Life & Letters

Correspondence

About this Item

Title: Walt Whitman to Alma and John H. Johnston, 4 March 1885

Date: March 4, 1885

Source: Transcribed from digital images or a microfilm reproduction of the original item. For a description of the editorial rationale behind our treatment of the correspondence, see our statement of editorial policy.

Notes for this letter were derived from Walt Whitman, The Correspondence, ed. Edwin Haviland Miller, 6 vols. (New York: New York University Press, 1961–1977).

Location: The Bayley-Whitman Collection, Ohio Wesleyan University, Delaware, OH

Whitman Archive ID: owu.00021

Contributors to digital file: Stefan Schöberlein and Kyle Barton



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328 Mickle Street
Camden New Jersey1
March 4 '85

My dear friends2

Your letter comforts & touches me deeply, & I am not sure but it w'd be a good arrangement not only for me, but all 'round—But for the present I shall keep on here—Since you was here, Alma, I have had a friend move in, Mrs. Davis, strong & hearty & good natured, a widow, young enough, furnishes me my meals, & takes good care3—I am feeling quite well for me as I write this. —Soon as you get this write me how John is getting along—Last Saturday's Critic has a piece about my home which may interest you4—I have been under the weather myself for nearly a fortnight, but am now all right—I shall never forget your kindness & generosity to me—I am in good spirits as I finish this, feeling better to-day than for some time past—Love to Al5 and May & all


Walt Whitman


Correspondents:
John H. Johnston (1837–1919) was a New York jeweler and close friend of Whitman. Johnston was also a friend of Joaquin Miller (Horace Traubel, With Walt Whitman in Camden [New York: Mitchell Kennerley, 1915], 2:139). Whitman visited the Johnstons for the first time early in 1877. In 1888 he observed to Horace Traubel: "I count [Johnston] as in our inner circle, among the chosen few" (Horace Traubel, With Walt Whitman in Camden, Wednesday, October 3, 1888). See also Johnston's letter about Whitman, printed in Charles N. Elliot, Walt Whitman as Man, Poet and Friend (Boston: Richard G. Badger, 1915), 149–174. For more on Johnston, see Susan L. Roberson, "Johnston, John H. (1837–1919) and Alma Calder" Walt Whitman: An Encyclopedia, ed. J.R. LeMaster and Donald D. Kummings (New York: Garland Publishing, 1998).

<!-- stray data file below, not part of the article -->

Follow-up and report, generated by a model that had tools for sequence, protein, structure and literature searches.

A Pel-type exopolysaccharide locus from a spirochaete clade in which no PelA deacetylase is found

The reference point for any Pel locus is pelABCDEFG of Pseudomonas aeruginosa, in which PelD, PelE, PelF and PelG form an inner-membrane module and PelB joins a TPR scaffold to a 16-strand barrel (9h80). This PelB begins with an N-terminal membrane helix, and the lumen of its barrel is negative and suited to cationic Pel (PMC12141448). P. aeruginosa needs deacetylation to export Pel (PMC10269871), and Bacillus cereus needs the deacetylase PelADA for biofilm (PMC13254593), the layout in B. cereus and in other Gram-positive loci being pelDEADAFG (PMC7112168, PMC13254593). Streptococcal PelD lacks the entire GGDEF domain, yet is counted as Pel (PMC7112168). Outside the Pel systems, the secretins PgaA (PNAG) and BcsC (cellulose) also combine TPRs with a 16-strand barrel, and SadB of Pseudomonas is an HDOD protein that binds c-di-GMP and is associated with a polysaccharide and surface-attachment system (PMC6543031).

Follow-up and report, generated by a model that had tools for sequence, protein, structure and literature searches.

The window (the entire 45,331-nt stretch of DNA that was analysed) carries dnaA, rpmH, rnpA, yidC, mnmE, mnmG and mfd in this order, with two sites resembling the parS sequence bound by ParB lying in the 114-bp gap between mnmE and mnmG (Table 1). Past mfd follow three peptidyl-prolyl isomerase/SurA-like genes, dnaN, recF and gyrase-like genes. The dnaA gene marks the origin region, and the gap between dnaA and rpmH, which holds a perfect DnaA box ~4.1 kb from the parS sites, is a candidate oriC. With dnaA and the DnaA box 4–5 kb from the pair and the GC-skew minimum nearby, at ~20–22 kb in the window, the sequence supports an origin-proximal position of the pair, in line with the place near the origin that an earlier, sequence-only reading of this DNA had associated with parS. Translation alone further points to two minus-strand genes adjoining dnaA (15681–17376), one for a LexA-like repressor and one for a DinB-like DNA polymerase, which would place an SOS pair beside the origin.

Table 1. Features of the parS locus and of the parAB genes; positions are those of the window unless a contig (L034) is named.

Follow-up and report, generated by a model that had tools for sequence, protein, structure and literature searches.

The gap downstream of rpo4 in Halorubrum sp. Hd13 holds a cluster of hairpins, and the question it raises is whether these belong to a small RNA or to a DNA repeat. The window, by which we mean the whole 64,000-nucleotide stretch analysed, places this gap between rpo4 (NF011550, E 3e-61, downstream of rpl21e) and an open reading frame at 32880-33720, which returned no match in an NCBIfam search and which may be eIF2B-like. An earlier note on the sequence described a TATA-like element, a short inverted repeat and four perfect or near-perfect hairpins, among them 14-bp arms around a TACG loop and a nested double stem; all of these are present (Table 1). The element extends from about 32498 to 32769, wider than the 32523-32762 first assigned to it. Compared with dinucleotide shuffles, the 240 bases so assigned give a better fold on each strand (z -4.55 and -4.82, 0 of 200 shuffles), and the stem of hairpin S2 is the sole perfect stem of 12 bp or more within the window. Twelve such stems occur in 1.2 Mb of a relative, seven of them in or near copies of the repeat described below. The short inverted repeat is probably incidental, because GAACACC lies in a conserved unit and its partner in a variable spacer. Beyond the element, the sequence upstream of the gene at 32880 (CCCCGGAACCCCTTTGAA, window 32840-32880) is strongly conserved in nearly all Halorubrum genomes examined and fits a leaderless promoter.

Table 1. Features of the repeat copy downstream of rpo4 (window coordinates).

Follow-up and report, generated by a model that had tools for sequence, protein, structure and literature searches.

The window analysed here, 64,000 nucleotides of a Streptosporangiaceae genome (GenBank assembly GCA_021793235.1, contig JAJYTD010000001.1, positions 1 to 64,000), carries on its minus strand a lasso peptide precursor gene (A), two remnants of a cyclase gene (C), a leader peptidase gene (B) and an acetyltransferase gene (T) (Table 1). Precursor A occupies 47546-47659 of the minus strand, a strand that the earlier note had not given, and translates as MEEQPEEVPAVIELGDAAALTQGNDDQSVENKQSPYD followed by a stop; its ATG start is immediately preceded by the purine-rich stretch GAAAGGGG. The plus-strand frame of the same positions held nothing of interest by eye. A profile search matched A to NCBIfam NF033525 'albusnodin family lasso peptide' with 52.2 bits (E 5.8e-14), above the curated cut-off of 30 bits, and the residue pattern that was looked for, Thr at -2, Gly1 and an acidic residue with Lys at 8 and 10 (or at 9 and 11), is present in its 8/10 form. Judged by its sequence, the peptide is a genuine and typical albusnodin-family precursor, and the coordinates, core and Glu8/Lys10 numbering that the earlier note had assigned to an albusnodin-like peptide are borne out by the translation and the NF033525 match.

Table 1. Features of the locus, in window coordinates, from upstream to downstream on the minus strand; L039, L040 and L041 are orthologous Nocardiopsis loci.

Alma Calder Johnston was an author and the second wife of John H. Johnston. Her family owned a home and property in Equinunk, Pennsylvania. For more on the Johnstons, see Susan L. Roberson, "Johnston, John H. (1837–1919) and Alma Calder" (Walt Whitman: An Encyclopedia, ed. J.R. LeMaster and Donald D. Kummings (New York: Garland Publishing, 1998).

Notes:

1. This letter is addressed: Mrs: Alma Johnston | 305 East 17th Street | New York City. It is postmarked: Camden, N.J. | (?). [back]

2. Mrs. Johnston visited Whitman on February 9 (Whitman's Commonplace Book). [back]

3. See the letter from Walt Whitman to William D. O'Connor of January 26, 1885[back]

4. "Walt Whitman in Camden." [back]

5. Mr. Johnston's son, Albert. [back]


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